The secret to Putin’s image might be more. According to Paul Starobin, in probably one of the best articles I’ve read on Putin,
Putin is a difficult character study. An ex-KGB colonel, he is at times deliberately indistinct. And his secretive and tight-knit court tends to operate according to the old Russian village principle of “Iz izby soru ne vynesi“—literally, “Do not carry rubbish out of the hut.” In the emerging
, theories abound as to what makes him tick. Many analysts emphasize his intelligence training and his Soviet-era background. Alexander Rahr, the author of a biography of Putin calling him “the German in the Kremlin,” sees him instead in the context of his KGB posting in Dresden and his affinity for German culture (he speaks German fluently). Others see a somewhat ambivalent Putin, split—as Russians often are—between an outward-facing Western orientation and an inward-looking Slavophilic one. The boisterous, red-faced Yeltsin—that bear of a man—more naturally fit the Western idea of a Russian leader. But Putin is as much a product of the Russian environment and heritage as Yeltsin was. In fact, Putin’s Russianness, in the broadest sense, is the key to his character; in certain respects his rule is re-enacting distinctive Russian political traditions. schoolof Putinology
For Starobin, Putin’s ambivalence is a product of his three integrated personalities: the Fighter, The Chekist, and the Believer. These allow for a manageable balance between Russian patriot but still a stable bulwark against the political extremes of the Russian Left and the Right.
But like I’ve said, Putin is mostly image. And while image can sustain a country and while it may enthrall the functionaries and the populace with the idea that “he has a plan” such ambiguity has limits. This is best seen when Putin has faced crisis. He seemed physically shaken and political frozen during Beslan. The
tragedy was handled in pure Soviet fashion—refuse international aid because it is a sign or weakness and suppress criticism. Many of the real ills in Russian society—poverty, demographic decline, health, AIDS, concentration of wealth, immigration, military reform, etc.—have not been adequately addressed. One may give Putin credit for pacifying Kursk and praise for the policy of “Chechenization,” but one must ask at what cost? The conflict has spilled over in to neighboring regions. A Kremlin victory has not solved the problem of ethnic/national autonomy. In fact, all accounts point to a resurgence of Russification. Perhaps all of the real and growing social and economic problems that confront Chechnya have not been dealt with is because such ills require an unambiguous leader. They require ideology. Russia
That said, it is much easier to attend to the macropolitics of geopolitical maneuvering than it is to the micropolitics of daily life. It is on the macro level that Putin has fared well.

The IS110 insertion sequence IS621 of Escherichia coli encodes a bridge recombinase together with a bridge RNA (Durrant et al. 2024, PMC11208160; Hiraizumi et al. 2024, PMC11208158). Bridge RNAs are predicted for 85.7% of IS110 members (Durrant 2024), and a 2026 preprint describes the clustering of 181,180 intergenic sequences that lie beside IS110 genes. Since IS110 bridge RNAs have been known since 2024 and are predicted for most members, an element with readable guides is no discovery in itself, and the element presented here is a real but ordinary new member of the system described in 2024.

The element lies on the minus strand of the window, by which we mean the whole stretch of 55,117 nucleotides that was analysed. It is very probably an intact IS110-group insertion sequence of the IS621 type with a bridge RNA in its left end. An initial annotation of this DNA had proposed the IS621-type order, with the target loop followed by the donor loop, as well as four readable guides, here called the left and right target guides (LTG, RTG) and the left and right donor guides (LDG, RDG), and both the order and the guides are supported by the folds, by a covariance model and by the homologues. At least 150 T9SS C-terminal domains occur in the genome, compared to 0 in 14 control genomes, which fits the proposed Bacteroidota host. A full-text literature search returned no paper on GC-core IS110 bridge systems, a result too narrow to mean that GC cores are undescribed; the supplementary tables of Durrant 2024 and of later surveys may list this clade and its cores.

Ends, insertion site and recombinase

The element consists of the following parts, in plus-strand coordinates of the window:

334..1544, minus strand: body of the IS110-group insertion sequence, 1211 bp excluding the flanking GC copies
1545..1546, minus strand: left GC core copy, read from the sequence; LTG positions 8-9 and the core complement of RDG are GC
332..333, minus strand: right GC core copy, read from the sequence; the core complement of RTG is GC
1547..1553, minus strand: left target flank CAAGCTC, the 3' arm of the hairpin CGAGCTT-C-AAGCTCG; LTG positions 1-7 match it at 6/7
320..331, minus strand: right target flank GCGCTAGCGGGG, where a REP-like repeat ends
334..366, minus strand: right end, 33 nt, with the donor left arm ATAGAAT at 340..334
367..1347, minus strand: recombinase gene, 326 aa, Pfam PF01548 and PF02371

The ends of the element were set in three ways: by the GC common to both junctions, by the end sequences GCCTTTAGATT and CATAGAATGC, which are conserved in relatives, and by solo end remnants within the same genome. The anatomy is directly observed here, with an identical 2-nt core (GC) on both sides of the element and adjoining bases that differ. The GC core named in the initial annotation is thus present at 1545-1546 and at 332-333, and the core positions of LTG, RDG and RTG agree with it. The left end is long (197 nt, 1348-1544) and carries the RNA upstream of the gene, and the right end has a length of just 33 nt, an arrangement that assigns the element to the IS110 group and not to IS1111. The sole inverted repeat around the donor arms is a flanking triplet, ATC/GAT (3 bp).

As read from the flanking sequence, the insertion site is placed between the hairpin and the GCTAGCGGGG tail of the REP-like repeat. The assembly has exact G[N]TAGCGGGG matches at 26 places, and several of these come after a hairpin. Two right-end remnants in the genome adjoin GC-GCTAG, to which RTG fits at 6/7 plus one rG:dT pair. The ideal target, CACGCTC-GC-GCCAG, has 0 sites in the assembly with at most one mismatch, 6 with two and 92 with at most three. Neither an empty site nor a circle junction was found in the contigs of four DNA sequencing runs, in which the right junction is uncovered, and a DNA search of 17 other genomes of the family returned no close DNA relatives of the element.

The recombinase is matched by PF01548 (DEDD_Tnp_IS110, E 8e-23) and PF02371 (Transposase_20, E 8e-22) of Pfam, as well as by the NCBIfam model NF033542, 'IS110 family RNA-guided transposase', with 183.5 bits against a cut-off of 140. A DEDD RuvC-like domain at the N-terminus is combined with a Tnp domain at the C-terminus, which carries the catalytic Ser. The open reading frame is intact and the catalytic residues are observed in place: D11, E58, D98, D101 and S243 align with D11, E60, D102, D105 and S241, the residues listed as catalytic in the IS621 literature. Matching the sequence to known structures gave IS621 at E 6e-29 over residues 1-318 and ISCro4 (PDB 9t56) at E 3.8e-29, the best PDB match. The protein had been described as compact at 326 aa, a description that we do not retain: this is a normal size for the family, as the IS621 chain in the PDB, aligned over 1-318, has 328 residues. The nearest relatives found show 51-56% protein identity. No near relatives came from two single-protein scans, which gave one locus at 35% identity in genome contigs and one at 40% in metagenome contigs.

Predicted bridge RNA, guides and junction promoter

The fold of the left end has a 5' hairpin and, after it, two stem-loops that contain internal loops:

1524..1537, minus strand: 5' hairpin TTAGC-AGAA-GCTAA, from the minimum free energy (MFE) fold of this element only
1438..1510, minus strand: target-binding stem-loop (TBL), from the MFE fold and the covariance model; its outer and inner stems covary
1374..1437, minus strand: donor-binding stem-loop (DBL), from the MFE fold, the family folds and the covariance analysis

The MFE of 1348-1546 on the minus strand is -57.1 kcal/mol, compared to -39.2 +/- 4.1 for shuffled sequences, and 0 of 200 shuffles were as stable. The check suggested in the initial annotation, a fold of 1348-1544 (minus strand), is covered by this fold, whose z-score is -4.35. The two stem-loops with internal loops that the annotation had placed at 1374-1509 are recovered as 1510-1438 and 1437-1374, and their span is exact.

is now back on the global stage and its influence can be felt in the explosion of articles that warn of its geopolitical ambitions, whether they be in politics or economics. Like his Chinese counterparts, Putin has sat quietly by as George Bush entangles the Russia United Statesfurther into the quagmire of the Middle East. In fact, Bush’s policies have proved how dangerous ideology can be. The quietism and restraint of Putin’s “War on Terror” to not extend beyond Russian territory has allowed him to maintain good relations with Muslims within and outside . Rather than joining the American global anti-terrorist chorus, Russia Russiahas chosen to form political, economic, and military relationships with the emerging global powers of Iran, China, and . The alliances have created a de facto Eurasian bloc. One also shouldn’t discount Putin’s recent warm welcoming of Venezuelan president and Left darling, Hugo Chavez. Chavez goal of fortifying his nation’s defenses against American meddling was bolstered with $3 billion in AK-47s. Despite what detractors may say, Putin has returned India ’s foreign policy independence. Russia
If Putin does lack ideological substance on the domestic end, how has he been so successful? Two things have allowed for the stability that most Russians associate with their leader: the long tradition of Russian political centralization and petrol. The two are intimately connected. The riches generated by oil and natural gas have given
the economic surplus to pull it out of the economic crisis of the 1990s. Oil prosperity has also greased the wheels of political centralization. Nationalized oil makes oligarchs superfluous. The smashing of the oligarchs and the jailing of Yukos chair Mikhail Khodorkovsky has played on the tried and true method of scapegoating the nobility that preys on the weak. Peter the Great did this in the 18th century as did Stalin the 20th. It is no surprise that most Russians feel that the oligarchs deserved it. Selective justice is better than no justice at all. Russia